Friday, December 10, 2010

James Moody, 1925-2010

© Andrea Canter

You’d think having the title NEA Jazz Master, a fistful of Grammy nominations, and a 70th birthday party at the Blue Note might be ample reason to slow down, but James Moody was as active in the first decade of the 21st century as he was for more than half of the 20th century. I first saw him live about eight years ago with the Dizzy Gillespie Alumni Band in New York, again with the Gillespie band at the 2008 Detroit Jazz Festival, and, for what turned out to be the last time, at the Dakota Jazz Club in early 2009. His personal charm was only exceeded by his artistry on saxophones and flute. Moody died yesterday of pancreatic cancer at age 85, not quite six months after feted in absentia with a Carnegie Hall “Salute to James Moody” featuring a long list of multi-generational artists.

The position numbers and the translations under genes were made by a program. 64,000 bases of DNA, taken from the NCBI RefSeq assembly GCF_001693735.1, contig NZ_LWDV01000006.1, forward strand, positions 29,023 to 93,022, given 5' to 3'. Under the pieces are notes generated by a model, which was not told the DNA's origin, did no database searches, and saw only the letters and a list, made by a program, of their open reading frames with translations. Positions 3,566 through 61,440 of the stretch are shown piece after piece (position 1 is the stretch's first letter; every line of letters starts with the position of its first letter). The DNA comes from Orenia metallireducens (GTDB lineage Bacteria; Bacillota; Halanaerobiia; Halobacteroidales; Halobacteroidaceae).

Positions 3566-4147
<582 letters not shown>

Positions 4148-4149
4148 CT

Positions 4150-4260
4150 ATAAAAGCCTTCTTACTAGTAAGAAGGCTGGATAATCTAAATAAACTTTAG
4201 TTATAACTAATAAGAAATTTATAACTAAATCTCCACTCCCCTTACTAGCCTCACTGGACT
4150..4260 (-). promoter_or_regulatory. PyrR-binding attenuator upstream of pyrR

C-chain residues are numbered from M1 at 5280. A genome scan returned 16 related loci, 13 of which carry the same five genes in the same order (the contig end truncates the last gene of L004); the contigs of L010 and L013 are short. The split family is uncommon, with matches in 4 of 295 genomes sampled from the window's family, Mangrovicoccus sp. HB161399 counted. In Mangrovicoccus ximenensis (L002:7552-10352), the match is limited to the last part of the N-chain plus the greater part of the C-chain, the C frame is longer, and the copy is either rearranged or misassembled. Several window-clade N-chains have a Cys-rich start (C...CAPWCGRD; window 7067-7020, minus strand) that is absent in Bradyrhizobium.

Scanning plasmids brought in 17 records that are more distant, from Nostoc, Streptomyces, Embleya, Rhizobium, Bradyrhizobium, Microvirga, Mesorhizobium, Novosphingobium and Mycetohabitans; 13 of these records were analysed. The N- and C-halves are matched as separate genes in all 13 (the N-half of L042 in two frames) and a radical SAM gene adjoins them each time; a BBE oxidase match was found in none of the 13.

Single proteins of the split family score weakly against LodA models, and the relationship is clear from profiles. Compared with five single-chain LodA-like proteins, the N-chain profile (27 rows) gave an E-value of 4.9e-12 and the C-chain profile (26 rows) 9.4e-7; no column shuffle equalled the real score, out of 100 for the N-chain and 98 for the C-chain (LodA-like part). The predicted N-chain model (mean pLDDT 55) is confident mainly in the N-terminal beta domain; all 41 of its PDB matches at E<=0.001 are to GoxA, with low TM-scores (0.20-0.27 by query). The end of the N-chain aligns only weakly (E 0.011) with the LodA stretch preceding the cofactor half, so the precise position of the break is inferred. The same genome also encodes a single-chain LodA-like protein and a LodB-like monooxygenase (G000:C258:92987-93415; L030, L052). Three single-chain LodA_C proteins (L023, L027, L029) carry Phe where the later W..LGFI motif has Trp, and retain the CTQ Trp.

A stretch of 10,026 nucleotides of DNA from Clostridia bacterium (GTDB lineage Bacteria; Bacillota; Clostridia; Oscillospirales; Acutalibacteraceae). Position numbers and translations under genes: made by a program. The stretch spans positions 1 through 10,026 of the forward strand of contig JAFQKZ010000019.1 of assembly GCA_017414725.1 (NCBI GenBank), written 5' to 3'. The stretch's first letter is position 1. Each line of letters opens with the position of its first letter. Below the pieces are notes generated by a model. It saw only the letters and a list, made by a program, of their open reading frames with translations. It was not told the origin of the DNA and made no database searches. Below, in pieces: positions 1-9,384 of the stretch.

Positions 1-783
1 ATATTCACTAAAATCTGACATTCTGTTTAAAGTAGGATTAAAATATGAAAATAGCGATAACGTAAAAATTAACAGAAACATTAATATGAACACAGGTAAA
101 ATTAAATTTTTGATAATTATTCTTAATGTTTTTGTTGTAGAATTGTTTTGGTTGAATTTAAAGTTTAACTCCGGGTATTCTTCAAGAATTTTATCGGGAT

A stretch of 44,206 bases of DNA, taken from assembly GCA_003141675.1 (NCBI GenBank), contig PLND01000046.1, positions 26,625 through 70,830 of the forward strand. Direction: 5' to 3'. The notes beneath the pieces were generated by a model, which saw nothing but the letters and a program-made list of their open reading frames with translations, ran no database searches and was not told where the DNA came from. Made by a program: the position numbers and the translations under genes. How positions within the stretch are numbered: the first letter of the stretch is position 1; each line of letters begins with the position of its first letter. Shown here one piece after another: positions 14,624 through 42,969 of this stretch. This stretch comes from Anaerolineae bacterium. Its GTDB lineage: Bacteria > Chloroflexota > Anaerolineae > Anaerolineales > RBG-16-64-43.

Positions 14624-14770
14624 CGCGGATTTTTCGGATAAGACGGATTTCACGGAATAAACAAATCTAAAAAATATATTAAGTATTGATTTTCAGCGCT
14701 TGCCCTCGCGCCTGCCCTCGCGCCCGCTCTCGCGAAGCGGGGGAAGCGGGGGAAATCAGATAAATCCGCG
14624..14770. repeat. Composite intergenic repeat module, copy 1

Best known for his tenure with Gillespie and his enduring signature tune, “Moody’s Mood for Love,” it was perhaps the latter years of his career that were most remarkable: Well into his 80s, he won a Grammy nomination in 2008 for his solo on Live at the 2007 Monterey Jazz Festival, was Downbeat’s 2008 Jazz Flautist of the Year, and issued back to back acclaimed recordings, Moody 4A (2009) and Moody 4B (2010). The latter was, and still is, on my list of favorite recordings of the year. (See review at

I remember his gig at the Dakota. At the time, I wrote: “Anyone uncertain as to the definition and nature of ‘bebop’ should enroll in the James Moody Academy of Jazz. At the Dakota Jazz Club, Moody’s opening set could have served as a lesson for the uninitiated as the 83-year-old saxophonist conducted nonstop experiments in rhythm and harmony, exposing, renovating, and designing the details of every structure. That he conducted his class with equally nonstop humor and humility made the lesson all the more effective and entertaining.”

See full review of James Moody at the Dakota at

Photos: James Moody, top to bottom: At the 2008 Detroit Jazz Festival, two from the Dakota in 2009 (photos by Andrea Canter)